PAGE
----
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  1. #1
    Senior Member bmwrider's Avatar
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    What to do if you can't sew

    I own a sewing machine, (its hers) but don'e know how to use it and don't have any of the tools to get started.

    should I get the stuff and learn or find a place to do it for me?
    I only want to do a TQ and UQ, is it worth buying all the tools and time spent learning and doing it wrong, or should I pay somone to do it for me? if so where would I go for that service.

  2. #2
    Roadrunnr72's Avatar
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    should I get the stuff and learn or find a place to do it for me?
    No one can decide this but you. If you want to learn and may decide to do other projects in the future, then it is worth learning and getting what you need. If you have a Jo-Ann's or other sewing shop, most have classes to teach you what you need to know.

    should I pay somone to do it for me? if so where would I go for that service.
    Again, if you would rather not learn to sew, then there are several around the forum that can help to name a few: Hammock Gear ; Arrowhead Equip ; WildernessLogisics; Te-Wa ; Leigh-lo, it's almost an endless list.

    Personally, I have a Hammock Gear Incubator, and getting ready to order a Burow.
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  3. #3
    olddog's Avatar
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    I faced it as just another machine. At least it can't do the damage of say a chain saw, hand grinder, skill saw, etc.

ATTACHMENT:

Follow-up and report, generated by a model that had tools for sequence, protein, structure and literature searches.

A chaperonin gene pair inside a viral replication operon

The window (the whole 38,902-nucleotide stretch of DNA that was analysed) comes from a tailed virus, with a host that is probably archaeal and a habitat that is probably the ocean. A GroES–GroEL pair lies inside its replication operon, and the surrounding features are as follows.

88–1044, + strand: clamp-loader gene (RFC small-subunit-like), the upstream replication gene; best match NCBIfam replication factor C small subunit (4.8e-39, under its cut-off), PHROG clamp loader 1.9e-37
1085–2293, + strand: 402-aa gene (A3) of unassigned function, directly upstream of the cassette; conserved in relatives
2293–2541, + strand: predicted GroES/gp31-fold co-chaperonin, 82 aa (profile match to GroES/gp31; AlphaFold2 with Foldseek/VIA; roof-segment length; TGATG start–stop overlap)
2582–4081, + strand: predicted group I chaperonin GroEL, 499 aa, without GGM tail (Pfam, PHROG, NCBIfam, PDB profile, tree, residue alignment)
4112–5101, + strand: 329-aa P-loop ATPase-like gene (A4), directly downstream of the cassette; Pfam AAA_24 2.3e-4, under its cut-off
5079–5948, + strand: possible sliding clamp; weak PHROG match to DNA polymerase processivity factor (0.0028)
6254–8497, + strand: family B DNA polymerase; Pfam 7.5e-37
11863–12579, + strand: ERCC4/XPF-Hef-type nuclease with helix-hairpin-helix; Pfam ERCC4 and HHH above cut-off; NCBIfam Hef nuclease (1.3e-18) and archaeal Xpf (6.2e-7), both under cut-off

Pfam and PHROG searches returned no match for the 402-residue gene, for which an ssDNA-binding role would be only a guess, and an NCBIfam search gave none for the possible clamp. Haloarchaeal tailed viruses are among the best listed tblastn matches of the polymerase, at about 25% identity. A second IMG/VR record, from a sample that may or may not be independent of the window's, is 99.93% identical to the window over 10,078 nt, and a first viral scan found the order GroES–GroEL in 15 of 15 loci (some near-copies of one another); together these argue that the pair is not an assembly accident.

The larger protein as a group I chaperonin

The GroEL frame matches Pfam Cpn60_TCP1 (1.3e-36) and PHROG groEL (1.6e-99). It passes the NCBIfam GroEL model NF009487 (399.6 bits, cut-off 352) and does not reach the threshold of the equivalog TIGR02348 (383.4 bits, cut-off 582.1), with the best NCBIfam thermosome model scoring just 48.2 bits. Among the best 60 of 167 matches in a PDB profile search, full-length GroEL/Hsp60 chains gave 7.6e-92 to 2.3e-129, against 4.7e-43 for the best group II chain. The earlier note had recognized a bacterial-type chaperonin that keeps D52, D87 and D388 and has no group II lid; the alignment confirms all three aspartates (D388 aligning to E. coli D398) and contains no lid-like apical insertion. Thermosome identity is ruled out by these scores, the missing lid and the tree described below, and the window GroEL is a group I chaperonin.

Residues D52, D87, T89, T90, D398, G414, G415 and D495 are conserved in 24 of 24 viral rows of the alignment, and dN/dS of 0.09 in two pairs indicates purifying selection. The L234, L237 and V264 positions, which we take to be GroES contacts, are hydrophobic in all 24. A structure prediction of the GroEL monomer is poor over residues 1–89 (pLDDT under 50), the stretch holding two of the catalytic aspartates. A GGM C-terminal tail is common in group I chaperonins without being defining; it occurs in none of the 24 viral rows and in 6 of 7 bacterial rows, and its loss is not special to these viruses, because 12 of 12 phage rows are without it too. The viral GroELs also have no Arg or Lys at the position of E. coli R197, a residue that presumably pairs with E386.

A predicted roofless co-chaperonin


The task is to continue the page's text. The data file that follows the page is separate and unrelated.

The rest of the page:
Most of us end up poorer here but richer for being here. Olddog, Fulltime hammocker, 365 nights a year.

  4. #4
    Senior Member easyriver's Avatar
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    should I get the stuff and learn
    If you already have a sewing machine there, then learn how to sew. You will never regret it. AND you get to make your own gear, THE WAY YOU WANT IT!

    Start by looking at the many videos posted here, and likely other places. The RamblinRev ones are a good place to start. Learning to sew is not difficult. Six months ago I sat down in front of a sewing machine for the first time. Now its old hat. Have made several projects, and more waiting the time. One of them was a major DIY Kit(OQ). I was kinda scared of the idea, but it worked out great. I made a few small mistakes, but the "learning curve" on this project alone was worth it.

    I work at a remote Government antenna site and I can take my sewing projects with me. What a great "time-passer" it is. Makes those 12-hour shifts just fly!

    (We need a sewing Smiley)

  5. #5
    Senior Member Cannibal's Avatar
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    First and foremost, quit calling it a sewing machine. It is a powered thread-injector. Gotta start with the right state of mind before you can move forward.

    Seriously, learn how to use it. You don't have to be good, only functional. I've got some truly butt-ugly gear that I have made. But you know what? It works. The first topquilt I ever made could be used in one of the haunted houses out there right now, but it does keep me nice and toasty. I won't even discuss my first attempt at a tarp.

    It isn't difficult and you'll be surprised how quickly your basic skills develop. I still don't sew straight lines, but I think it's more about the rebellious youth I haven't managed to shake completely, than about skills. Make a dozen stuff sacks, make a synthetic quilt, move to a tarp, then tackle a baffled quilt. I think that Thru-Hiker's kits are a great place to learn. You get everything you need in the kits and the projects can be very simple (stuff sacks) on up to clothing (not so simple). As an added benefit, the women in your family will be plain tickled with you. My grandma still asks how my sewing is doing when I talk to her. I think it took her about 5 minutes to catch her breath when I called her a few years ago and asked "How do I end a stitch?". I swear, it's the only time I've ever heard that very 'proper' lady snort while laughing.
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  6. #6
    Stormstaff's Avatar
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    Love the story about your grandma. That's awesome.